This archived news story is available only for your personal, non-commercial use. Information in the story may be outdated or superseded by additional information. Reading or replaying the story in its archived form does not constitute a republication of the story.
SALT LAKE CITY (AP) -- Utah's state prison system is nearing full capacity and that could result in some inmates being released as early as this summer before their sentences are up, the state corrections chief said Wednesday.
Department of Corrections Executive Director Tom Patterson told a legislative committee that there are only 108 beds left for prison inmates.
The prison system has about 6,800 beds statewide, which includes space at two prisons and at county jails contracted by the state to house inmates.
Patterson said in the past two months, 74 inmates have come into the prison system and that he was expecting at least 10 new inmates each month. Once the prison system is full, Patterson said inmates will be housed for 45 days in gyms and open spaces, which pose a greater security threat for guards.
Once those 45 days are up, prisoners will start being released early.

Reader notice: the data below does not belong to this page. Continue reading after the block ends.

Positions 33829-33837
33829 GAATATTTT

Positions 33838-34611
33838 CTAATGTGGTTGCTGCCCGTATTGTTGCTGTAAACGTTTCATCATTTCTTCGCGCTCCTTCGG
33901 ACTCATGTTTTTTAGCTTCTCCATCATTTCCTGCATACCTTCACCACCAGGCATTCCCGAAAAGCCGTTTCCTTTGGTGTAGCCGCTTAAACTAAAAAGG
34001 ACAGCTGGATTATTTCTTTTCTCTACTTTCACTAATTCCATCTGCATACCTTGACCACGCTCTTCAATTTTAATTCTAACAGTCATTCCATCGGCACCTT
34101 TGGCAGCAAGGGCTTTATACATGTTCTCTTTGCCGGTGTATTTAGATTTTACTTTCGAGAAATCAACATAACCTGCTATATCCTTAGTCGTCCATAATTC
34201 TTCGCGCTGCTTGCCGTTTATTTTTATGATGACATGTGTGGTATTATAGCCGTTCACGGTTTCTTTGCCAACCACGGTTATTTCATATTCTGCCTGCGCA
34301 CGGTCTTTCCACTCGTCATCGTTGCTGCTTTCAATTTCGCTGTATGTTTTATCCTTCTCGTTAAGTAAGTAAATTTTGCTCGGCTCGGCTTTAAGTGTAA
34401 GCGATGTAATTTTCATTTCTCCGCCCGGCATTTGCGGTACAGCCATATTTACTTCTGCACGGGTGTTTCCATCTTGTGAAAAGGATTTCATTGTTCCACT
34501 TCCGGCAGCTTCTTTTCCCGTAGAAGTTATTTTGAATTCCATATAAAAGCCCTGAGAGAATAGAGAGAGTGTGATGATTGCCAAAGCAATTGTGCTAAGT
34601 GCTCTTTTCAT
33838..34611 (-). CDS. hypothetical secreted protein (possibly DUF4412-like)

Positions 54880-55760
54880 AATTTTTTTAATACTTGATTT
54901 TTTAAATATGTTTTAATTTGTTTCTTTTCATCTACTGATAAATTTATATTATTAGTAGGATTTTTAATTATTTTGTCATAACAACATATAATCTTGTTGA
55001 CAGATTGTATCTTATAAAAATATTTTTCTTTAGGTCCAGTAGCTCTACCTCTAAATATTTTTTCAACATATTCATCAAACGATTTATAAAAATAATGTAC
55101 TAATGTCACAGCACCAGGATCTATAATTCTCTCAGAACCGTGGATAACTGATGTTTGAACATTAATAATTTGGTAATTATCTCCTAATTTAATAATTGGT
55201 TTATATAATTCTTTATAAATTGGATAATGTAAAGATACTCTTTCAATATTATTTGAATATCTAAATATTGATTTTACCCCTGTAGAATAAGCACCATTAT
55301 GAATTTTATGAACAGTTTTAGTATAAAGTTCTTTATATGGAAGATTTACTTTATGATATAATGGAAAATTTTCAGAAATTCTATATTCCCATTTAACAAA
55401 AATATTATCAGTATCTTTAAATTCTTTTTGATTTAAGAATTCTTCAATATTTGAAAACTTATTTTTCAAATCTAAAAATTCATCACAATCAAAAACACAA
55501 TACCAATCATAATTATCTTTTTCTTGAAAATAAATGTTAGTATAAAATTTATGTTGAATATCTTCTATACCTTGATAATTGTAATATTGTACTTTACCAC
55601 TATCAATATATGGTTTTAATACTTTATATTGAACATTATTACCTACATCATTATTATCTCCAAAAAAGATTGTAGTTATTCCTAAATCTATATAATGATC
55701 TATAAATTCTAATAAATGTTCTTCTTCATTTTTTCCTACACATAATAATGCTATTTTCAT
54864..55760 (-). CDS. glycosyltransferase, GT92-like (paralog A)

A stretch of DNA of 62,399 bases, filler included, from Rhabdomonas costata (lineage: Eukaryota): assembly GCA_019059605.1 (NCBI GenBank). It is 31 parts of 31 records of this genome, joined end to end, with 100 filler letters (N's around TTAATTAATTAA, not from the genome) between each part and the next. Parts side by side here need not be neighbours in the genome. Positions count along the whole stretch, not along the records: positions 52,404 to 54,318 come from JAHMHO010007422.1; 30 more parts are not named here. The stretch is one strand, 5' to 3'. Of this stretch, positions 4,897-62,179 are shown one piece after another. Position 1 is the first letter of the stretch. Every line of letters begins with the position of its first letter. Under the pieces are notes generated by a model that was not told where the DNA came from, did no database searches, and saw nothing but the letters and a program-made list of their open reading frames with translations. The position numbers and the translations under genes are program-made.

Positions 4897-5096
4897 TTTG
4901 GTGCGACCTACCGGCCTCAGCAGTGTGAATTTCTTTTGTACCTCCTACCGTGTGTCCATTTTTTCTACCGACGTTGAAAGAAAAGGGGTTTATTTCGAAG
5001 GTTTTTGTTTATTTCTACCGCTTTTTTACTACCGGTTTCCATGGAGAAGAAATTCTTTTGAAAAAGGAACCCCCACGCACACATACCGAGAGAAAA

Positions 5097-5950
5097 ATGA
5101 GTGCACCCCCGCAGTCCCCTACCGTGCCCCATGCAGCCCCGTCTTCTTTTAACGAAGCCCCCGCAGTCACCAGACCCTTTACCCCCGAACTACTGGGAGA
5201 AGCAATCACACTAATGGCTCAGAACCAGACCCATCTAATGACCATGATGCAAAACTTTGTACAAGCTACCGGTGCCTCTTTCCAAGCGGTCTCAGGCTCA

"We have to find an ongoing solution. We can't stay at maximum capacity because at some point you will allow a violent offender out, and there is a risk to the community," Patterson told reporters following the hearing.
Patterson said there are about 300 beds available at contracted county jails, but no money was available. Housing one prisoner typically costs about $26,000 a year.
About $50 million designated for new housing at the state prison has been cut, as well as $7.6 million for a new parole-violator center run by a private contractor that would have to be funded at similar levels every year.
The $50 million for new housing at the Gunnison prison would have resulted in 192 new beds and included planning money for another facility with 288 beds.
Patterson said losing funding for the parole-violator center has translated into a loss of 300 beds, which could have housed up to 900 inmates a year and helped inmates address problems that frequently results in their return to prison once they're released.
"Presently we bring parole violators back into the facility on technical violations to keep the public safe, and what we need to do is have them in an alternate setting," Patterson said. "Typically these are drug and alcohol relapse issues that we're dealing with."
When questioned by lawmakers whether the parole-violator center or new space for prison beds would be more cost effective, Patterson said the center would be better in the long term.
"We do believe it's more accountable to the taxpayer," he said.
(Copyright 2010 by The Associated Press. All Rights Reserved.)